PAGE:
As a sales strategist, I have witnessed salespeople try to disqualify a client time and time again. Whether they realize it or not, they’re actually looking for a reason to move onto the next call or what they feel may be the easier sale. They’re cherry picking for the slam dunk, the lay down, or the rollover.
I have heard many questions that are not in the interest of gaining a client, but rather in the interest of getting a sale. When the following types of questions are front-loaded, you’re driving off course:
- If I have it in stock, will you take it today?
- You have a credit card or active checking account, right?
- Are you taking any medications? (insurance sales)
- How’s your credit?
- Have you been declined before?
These types of questions are self-serving, not client-serving. You cannot ask for a commitment when the client has no idea what you can do for them. You have not gained trust or established your expertise yet.
When it becomes about commission rather than compassion, it will usually turn a client off, because it shows that you are not interested in spending any time with them unless you feel you’ll make money.
It’s not about you
As John Maxwell said, “People don’t care how much you know, until they know how much you care.”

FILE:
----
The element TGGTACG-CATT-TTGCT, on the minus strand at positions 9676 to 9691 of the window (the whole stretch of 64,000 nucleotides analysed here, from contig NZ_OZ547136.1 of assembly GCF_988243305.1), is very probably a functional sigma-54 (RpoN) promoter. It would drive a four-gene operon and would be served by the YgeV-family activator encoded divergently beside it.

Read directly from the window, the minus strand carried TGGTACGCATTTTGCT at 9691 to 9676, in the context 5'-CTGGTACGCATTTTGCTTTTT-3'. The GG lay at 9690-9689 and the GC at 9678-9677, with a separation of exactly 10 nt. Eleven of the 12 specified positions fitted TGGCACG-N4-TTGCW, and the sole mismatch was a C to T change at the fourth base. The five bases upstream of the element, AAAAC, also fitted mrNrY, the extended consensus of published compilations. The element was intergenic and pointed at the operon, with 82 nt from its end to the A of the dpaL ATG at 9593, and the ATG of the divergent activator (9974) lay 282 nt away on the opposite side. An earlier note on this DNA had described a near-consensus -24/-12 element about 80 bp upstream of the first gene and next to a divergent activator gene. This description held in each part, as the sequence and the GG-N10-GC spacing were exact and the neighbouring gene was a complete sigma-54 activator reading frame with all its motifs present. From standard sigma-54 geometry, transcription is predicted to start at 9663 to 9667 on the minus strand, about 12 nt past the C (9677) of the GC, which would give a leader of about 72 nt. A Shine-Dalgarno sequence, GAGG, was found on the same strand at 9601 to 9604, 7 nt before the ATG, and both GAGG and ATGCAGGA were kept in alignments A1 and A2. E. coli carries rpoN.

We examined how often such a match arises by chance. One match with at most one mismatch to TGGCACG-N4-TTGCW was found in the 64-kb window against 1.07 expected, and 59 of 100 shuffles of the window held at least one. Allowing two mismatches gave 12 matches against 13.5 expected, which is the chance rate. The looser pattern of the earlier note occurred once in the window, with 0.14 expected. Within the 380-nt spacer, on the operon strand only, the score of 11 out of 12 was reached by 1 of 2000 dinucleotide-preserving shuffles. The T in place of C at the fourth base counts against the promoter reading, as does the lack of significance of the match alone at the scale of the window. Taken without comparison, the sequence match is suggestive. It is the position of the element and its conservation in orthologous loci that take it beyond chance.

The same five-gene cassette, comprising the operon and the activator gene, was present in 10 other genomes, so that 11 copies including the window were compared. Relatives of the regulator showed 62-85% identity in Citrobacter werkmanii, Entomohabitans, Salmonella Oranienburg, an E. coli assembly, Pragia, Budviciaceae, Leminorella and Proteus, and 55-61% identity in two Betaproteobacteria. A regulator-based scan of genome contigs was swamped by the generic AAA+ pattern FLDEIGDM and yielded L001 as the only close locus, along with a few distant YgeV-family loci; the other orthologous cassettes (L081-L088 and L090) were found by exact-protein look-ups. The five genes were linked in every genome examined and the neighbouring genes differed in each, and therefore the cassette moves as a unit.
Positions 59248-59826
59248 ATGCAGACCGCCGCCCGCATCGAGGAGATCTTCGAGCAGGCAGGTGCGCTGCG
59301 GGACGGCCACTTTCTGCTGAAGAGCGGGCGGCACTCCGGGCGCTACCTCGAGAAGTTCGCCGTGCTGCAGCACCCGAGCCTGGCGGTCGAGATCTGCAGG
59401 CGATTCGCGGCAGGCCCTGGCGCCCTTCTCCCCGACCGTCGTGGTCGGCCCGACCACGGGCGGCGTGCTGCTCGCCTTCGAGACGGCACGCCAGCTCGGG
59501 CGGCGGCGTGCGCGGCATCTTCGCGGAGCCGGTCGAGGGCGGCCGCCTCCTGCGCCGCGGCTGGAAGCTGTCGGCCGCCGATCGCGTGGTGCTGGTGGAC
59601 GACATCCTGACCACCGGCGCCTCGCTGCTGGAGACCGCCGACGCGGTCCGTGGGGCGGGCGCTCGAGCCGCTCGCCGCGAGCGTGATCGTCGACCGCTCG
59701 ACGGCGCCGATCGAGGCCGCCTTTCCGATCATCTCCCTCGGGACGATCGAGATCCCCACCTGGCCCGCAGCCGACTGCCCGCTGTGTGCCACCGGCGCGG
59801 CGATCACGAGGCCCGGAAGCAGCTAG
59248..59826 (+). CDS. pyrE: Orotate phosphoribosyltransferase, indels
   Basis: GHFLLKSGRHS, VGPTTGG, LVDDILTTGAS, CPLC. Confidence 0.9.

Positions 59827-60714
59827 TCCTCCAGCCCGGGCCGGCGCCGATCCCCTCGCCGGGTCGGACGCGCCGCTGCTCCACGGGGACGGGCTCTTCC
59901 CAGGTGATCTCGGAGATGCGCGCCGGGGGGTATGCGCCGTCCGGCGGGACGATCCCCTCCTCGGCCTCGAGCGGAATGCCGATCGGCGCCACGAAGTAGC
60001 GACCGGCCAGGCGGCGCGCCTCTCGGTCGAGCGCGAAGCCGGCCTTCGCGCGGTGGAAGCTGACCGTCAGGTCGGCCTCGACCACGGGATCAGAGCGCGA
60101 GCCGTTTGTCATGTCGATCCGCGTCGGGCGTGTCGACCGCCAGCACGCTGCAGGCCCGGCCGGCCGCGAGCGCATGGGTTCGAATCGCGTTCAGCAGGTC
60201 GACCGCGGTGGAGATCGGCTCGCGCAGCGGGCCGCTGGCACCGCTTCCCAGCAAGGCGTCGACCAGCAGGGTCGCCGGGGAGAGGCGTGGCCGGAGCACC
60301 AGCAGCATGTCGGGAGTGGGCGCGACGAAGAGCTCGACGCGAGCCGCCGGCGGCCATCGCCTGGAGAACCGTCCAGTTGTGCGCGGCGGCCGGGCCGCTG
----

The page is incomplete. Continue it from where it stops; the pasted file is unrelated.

The reality is that you have to invest in the customer, before they will invest in you.
Qualify first. Gain their interest by asking the right questions to find out what the prospect needs help with.
A qualifying question is used to determine that you are talking to a prospect who is a suitable candidate for your product or service, not to see if they might buy before you know whether you can even help them.
Try asking questions similar to the following:
1. What do you use/drive/wear now?
2. What did you like about your last _____?
3. What did you dislike about it?
4. Have you considered buying a ______? Why or why not?
5. What features do you like?
6. How do you see yourself using this product or service?
7. How will it help you?
8. What issues are you facing right now in your business?
9. What will you gain from solving this issue?
10. What are the risks involved in fixing this issue?
11. What are the risks of NOT fixing it?
12. How long has this issue been around?
13. What has held you back from fixing it so far?
It’s about them
These questions will allow you to ask more personal questions when the time comes without putting the client off. Plus, they will allow you to gain valuable insight into how you can help the customer, build value in your offer, and have the confidence to assume, or ask for, the sale.
Obviously, I can’t list everything you should or shouldn’t say, so I suggest that you do a self-assessment of your sales presentation. Are the questions you ask up front in the interest of gaining knowledge as to how you can better serve the client, or are they purely for self-interest?